“A Game, for example, might start from a given astronomical configuration, or from the actual theme of a Bach fugue, or from a sentence out of Leibniz or the Upanishads, and from this theme, depending on the intentions and the talents of the player, it could either further explore and elaborate the initial motif or else enrich its expressiveness by allusions to kindred concepts”

I wish I had more time to talk about games. All I can really say is that Hesse never fully describes the Glass Bead Game, which has led many readers to invent their own versions, yet also makes the game much more believable in the book. The game unfolds into a philosophy as potent – and totalising – as Christianity. It seems that I like the sci-fi that gives object lessons in how high abstraction generates behaviour and personality, what with Hesse and the others I’ve mentioned so far.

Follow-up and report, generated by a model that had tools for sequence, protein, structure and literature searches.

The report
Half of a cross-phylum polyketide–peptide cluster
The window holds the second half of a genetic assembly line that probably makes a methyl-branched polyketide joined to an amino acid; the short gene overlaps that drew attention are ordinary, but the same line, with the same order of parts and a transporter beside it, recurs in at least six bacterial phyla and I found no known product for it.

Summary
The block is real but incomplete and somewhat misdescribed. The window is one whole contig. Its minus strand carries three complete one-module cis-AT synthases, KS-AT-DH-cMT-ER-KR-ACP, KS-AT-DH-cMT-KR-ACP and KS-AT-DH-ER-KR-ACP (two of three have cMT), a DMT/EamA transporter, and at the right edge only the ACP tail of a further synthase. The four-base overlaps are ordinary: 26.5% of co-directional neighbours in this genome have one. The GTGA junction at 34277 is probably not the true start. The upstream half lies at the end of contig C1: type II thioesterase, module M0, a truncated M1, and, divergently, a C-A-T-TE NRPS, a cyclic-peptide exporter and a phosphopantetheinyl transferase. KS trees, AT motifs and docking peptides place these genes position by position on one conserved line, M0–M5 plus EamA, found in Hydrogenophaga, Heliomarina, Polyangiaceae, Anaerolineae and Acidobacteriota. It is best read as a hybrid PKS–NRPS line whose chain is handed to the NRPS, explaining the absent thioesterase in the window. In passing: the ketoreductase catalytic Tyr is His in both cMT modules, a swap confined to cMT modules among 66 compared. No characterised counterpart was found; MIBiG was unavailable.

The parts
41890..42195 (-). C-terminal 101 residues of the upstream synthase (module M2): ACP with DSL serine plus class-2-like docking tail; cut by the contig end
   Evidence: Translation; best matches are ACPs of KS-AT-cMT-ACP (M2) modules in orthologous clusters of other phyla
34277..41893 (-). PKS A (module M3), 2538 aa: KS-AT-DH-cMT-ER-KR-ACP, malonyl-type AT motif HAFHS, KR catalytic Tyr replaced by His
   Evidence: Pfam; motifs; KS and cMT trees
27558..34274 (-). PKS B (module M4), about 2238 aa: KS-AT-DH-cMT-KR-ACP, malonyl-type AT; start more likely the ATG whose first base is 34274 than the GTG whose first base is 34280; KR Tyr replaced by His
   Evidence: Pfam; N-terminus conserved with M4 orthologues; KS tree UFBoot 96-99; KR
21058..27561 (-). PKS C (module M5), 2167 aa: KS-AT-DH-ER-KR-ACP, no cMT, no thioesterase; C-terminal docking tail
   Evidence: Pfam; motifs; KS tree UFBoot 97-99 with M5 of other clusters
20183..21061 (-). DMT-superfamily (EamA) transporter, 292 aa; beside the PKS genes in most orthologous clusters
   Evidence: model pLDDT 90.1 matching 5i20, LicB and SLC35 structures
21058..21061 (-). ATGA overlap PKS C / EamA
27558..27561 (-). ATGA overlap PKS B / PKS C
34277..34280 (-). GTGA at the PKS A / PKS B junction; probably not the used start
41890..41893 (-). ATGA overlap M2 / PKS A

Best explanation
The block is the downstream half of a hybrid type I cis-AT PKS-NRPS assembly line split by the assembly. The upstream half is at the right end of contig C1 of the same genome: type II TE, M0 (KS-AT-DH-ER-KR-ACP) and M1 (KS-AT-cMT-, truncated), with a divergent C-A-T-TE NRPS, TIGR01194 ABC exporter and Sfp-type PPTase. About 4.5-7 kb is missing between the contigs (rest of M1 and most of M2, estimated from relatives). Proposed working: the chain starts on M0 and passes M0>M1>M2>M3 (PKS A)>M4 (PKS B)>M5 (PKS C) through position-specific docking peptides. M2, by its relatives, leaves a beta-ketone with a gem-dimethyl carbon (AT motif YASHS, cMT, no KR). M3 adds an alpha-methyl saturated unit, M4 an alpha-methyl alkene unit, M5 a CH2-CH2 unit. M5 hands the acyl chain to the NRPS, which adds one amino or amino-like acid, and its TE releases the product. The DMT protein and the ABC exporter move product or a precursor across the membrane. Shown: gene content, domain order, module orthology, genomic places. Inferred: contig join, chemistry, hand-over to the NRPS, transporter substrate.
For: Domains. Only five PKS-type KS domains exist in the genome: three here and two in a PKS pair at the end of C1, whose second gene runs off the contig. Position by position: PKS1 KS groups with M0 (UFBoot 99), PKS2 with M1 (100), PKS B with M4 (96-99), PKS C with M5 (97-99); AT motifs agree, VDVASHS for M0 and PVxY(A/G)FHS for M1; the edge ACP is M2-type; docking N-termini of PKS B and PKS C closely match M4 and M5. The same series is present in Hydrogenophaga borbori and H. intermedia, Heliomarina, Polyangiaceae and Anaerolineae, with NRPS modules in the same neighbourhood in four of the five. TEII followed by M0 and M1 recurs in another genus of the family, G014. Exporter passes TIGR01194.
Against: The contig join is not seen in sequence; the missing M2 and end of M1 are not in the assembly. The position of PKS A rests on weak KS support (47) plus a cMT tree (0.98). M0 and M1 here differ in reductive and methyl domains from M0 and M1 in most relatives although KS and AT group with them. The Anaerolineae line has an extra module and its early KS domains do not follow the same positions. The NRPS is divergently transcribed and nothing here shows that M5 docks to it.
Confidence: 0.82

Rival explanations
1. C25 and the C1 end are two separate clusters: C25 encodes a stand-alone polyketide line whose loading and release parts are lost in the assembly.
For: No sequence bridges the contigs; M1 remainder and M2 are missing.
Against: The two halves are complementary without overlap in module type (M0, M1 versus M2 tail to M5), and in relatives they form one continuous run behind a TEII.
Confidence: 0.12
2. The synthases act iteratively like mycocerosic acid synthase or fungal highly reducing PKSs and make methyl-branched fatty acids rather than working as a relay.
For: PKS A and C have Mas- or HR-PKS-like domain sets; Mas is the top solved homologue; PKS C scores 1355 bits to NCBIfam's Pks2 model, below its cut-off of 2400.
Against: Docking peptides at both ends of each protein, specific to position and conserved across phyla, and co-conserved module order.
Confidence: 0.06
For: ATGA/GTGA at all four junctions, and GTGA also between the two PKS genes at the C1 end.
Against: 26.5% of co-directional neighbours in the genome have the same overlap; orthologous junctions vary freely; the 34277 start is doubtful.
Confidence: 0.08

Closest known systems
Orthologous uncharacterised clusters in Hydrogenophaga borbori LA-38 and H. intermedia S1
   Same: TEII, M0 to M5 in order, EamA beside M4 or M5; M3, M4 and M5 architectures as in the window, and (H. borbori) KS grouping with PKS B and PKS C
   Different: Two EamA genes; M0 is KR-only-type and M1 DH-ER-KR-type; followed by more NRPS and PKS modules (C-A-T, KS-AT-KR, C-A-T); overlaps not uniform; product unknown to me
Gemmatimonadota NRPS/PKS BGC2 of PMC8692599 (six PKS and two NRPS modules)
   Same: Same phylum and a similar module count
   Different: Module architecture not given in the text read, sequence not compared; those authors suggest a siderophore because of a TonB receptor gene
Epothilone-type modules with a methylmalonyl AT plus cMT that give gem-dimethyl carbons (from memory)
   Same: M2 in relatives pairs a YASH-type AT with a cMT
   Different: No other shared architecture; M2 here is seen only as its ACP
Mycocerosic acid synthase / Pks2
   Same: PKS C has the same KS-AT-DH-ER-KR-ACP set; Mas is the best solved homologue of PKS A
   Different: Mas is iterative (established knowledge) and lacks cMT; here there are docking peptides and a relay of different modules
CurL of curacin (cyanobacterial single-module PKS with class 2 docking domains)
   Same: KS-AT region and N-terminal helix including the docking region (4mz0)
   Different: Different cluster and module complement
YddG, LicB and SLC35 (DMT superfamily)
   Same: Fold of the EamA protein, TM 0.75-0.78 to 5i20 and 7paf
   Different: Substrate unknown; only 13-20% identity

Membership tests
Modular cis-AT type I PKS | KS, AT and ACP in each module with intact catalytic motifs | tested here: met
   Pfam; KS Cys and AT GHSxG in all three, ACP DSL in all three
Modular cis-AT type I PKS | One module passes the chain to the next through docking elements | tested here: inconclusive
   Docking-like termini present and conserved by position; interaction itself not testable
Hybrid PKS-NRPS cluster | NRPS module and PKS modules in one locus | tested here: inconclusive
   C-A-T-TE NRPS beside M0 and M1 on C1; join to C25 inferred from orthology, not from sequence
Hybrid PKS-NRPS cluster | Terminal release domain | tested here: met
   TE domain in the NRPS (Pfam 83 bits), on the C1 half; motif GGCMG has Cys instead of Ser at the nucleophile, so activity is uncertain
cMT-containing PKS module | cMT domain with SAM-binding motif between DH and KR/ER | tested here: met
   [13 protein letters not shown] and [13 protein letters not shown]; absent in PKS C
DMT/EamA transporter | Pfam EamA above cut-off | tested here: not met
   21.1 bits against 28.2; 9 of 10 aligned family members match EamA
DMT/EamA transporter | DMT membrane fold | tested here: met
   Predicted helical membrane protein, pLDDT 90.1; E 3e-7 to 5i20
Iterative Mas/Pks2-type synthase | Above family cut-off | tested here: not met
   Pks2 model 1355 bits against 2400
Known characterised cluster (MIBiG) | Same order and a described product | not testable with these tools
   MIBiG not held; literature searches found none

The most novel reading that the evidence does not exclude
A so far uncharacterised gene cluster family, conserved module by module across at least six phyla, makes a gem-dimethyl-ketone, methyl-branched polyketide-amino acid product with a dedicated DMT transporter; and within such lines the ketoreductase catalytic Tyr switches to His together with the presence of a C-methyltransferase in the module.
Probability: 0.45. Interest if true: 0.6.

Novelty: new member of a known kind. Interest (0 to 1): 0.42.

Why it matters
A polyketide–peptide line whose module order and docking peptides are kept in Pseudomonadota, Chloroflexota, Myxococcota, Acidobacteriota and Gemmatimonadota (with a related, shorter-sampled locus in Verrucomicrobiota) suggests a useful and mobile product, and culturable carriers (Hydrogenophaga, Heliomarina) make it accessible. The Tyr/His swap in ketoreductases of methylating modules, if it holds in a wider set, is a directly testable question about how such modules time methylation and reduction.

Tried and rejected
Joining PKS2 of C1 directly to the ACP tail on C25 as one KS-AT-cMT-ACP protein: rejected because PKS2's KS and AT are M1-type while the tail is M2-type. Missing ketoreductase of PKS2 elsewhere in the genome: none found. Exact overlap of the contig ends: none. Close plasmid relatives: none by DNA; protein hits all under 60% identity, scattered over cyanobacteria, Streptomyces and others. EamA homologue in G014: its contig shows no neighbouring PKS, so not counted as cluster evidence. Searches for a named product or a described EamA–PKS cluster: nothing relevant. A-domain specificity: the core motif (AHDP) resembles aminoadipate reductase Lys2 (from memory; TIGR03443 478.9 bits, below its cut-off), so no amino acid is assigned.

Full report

Matt Webb, S&W, posted 2006-04-06 (talk on 2006-02-23)